The Other Twenty-Three Words

I don’t, as a rule, cuss a whole lot – not because I’m particularly religious or good-natured or anything, but because I’ve taken to heart the whole adage about cussing being the refuge of those with small minds and smaller vocabularies.

It’s not that I don’t know the words, I just don’t use them… much.

In the interests of expanding the minds – and vocabularies! – of you, the readers, I was thinking about the strange fact that we have some words so ubiquitous and well-known that they’ve for whatever reason become the canonical slightly offensive (if only to some!) word associated with their beginning letter.

Consider “the N word”, for example, or “the F word”. Apparently there’s also “the L word”, as well… but what about the other twenty-three letters of the English alphabet? Or dipthongs?

The lack of a widely-understood, say, “H word” among English-speaking peoples seems like a shortcoming whose remediation is long overdue. I can think of a couple fairly obvious additions to the list of lettered-words, which I’ve presented below, in slightly enigmatic quasi-riddle format:

A: (something fat and/or smelly, depending on context)
B: (dog, female)
C: (rhymes with a type of boat that is rarely C-worthy)
D: (Dutch architecture, see also L)
F: (The most flexible four-letter word in the English language)
L: (Grecian islander; see also D)
N: (Rhymes with “bigger”)
Q: (“peculiar”; archaic)
S: (Execra)

Anyone have any additional nominations?

Published in: Geekiness, General | on September 21st, 2009| 5 Comments »

Both comments and pings are currently closed.


  1. On 9/21/2009 at 6:54 pm Watching Them, Watching Us Said:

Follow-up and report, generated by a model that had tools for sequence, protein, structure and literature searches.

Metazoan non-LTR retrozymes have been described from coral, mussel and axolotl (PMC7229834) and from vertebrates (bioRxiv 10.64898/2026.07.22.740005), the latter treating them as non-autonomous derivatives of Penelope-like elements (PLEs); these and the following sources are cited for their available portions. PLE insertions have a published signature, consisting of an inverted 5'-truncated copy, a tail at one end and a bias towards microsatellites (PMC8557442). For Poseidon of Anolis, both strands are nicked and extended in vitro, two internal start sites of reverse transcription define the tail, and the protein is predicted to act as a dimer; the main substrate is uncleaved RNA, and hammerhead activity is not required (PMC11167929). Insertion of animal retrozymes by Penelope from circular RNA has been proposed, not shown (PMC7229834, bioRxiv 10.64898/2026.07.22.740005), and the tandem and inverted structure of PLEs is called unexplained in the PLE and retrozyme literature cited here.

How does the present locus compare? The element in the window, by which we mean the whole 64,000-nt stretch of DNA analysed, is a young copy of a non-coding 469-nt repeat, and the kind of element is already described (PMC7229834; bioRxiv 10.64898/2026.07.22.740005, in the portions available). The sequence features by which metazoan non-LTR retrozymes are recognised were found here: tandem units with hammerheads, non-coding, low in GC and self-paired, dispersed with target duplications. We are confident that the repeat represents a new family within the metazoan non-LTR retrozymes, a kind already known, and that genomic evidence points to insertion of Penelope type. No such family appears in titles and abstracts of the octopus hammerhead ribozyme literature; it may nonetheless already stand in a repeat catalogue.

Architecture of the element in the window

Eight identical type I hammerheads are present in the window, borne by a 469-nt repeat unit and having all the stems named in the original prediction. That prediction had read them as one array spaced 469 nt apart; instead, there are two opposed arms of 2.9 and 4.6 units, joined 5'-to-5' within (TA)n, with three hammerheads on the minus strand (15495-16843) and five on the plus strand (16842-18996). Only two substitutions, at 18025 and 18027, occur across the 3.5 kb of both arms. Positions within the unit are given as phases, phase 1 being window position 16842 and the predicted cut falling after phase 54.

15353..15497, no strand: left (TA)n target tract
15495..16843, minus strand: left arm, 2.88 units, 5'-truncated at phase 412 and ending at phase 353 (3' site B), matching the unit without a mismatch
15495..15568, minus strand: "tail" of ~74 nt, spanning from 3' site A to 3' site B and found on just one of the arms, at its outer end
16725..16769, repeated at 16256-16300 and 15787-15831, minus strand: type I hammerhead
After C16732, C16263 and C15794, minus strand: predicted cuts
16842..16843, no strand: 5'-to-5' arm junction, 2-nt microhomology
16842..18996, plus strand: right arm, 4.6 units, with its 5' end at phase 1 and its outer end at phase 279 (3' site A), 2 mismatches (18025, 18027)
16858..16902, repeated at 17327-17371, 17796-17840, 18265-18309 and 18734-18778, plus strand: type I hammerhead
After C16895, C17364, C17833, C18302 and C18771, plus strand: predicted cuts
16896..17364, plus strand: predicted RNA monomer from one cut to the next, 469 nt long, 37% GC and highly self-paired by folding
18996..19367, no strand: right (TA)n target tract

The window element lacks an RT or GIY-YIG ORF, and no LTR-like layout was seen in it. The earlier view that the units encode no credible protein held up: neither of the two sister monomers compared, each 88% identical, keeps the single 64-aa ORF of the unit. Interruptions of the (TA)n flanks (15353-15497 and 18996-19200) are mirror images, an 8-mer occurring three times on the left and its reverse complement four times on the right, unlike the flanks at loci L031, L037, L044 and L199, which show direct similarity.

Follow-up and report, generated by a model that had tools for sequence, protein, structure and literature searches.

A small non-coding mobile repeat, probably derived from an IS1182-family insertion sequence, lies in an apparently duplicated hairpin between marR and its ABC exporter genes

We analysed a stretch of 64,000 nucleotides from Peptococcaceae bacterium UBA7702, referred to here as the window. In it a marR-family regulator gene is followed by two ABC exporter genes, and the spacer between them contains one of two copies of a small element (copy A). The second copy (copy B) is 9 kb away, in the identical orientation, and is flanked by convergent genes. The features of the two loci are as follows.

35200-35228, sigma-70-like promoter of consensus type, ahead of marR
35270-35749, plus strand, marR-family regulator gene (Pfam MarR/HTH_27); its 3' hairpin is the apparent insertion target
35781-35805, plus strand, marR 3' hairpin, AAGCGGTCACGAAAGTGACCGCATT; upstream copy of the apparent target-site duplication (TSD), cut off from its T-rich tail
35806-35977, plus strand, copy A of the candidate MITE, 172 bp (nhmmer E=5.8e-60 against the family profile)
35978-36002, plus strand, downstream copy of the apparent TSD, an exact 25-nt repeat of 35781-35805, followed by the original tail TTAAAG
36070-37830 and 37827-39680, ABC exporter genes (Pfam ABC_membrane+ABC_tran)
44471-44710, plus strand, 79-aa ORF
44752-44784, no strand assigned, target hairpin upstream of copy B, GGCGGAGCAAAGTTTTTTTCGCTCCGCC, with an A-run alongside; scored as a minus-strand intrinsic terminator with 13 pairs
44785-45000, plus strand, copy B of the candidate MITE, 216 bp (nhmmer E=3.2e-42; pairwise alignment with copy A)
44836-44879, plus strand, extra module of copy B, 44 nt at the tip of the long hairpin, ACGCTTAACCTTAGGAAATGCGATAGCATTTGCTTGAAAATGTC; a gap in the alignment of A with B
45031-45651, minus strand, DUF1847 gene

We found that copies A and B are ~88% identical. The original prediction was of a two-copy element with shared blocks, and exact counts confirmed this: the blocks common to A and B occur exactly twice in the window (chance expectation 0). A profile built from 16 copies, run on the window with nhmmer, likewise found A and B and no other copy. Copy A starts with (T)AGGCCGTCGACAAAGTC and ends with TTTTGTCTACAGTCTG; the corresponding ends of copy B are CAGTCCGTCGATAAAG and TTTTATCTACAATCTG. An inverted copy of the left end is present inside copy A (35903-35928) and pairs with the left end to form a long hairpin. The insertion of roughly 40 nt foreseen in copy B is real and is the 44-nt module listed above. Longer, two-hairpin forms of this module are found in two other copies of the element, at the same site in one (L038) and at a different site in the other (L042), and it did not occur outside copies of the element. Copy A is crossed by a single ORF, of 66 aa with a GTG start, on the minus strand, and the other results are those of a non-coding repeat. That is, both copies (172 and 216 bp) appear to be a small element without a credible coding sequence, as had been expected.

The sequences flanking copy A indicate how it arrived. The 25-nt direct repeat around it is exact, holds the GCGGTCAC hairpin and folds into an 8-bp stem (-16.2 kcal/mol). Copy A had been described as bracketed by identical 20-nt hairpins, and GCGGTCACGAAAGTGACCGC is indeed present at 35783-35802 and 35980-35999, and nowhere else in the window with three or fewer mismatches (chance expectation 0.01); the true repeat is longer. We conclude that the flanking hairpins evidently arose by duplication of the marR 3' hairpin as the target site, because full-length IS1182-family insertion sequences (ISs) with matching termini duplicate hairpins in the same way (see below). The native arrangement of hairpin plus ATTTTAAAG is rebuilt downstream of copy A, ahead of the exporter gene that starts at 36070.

You should be able to find all that you need, and more, at Viz comic’s

    Roger’s Profanisaurus, which now has over 8000 “rude” words or phrases.

    Some of the euphemisms and puns are strange, but some are very, very funny:

  2. On 9/22/2009 at 1:22 pm Nemo Said:

    Spiffy, thanks; I’ve just ordered a copy through Amazon.

    The issue isn’t a lack of words, rude or otherwise – it’s the lack of widely understood and accepted works that can be represented by one letter…

  3. On 9/27/2009 at 8:29 am aoeu Said:

    w: rhymes with witch and has wheels

  4. On 9/30/2009 at 9:10 pm Nemo Said:

    Having now thumbed through my copy of the Profanisaurus, I still stand by my original belief that we’re lacking in, say, anything like a widely-recognized “E-word” or “J-word”, for example. Having looked through the book – and watched television shows like The Inbetweeners, I also have to wonder where the widespread stereotype of American males as sex-obsessed comes from, but that’s a pondering for another day…

  5. On 10/15/2009 at 8:45 am Antiquado Said:

    English was my first language, until the age of three and has not been so for about ten times that.
    I really have difficulty guessing the words you allude to 🙁

    Any change of … a more clear cut version?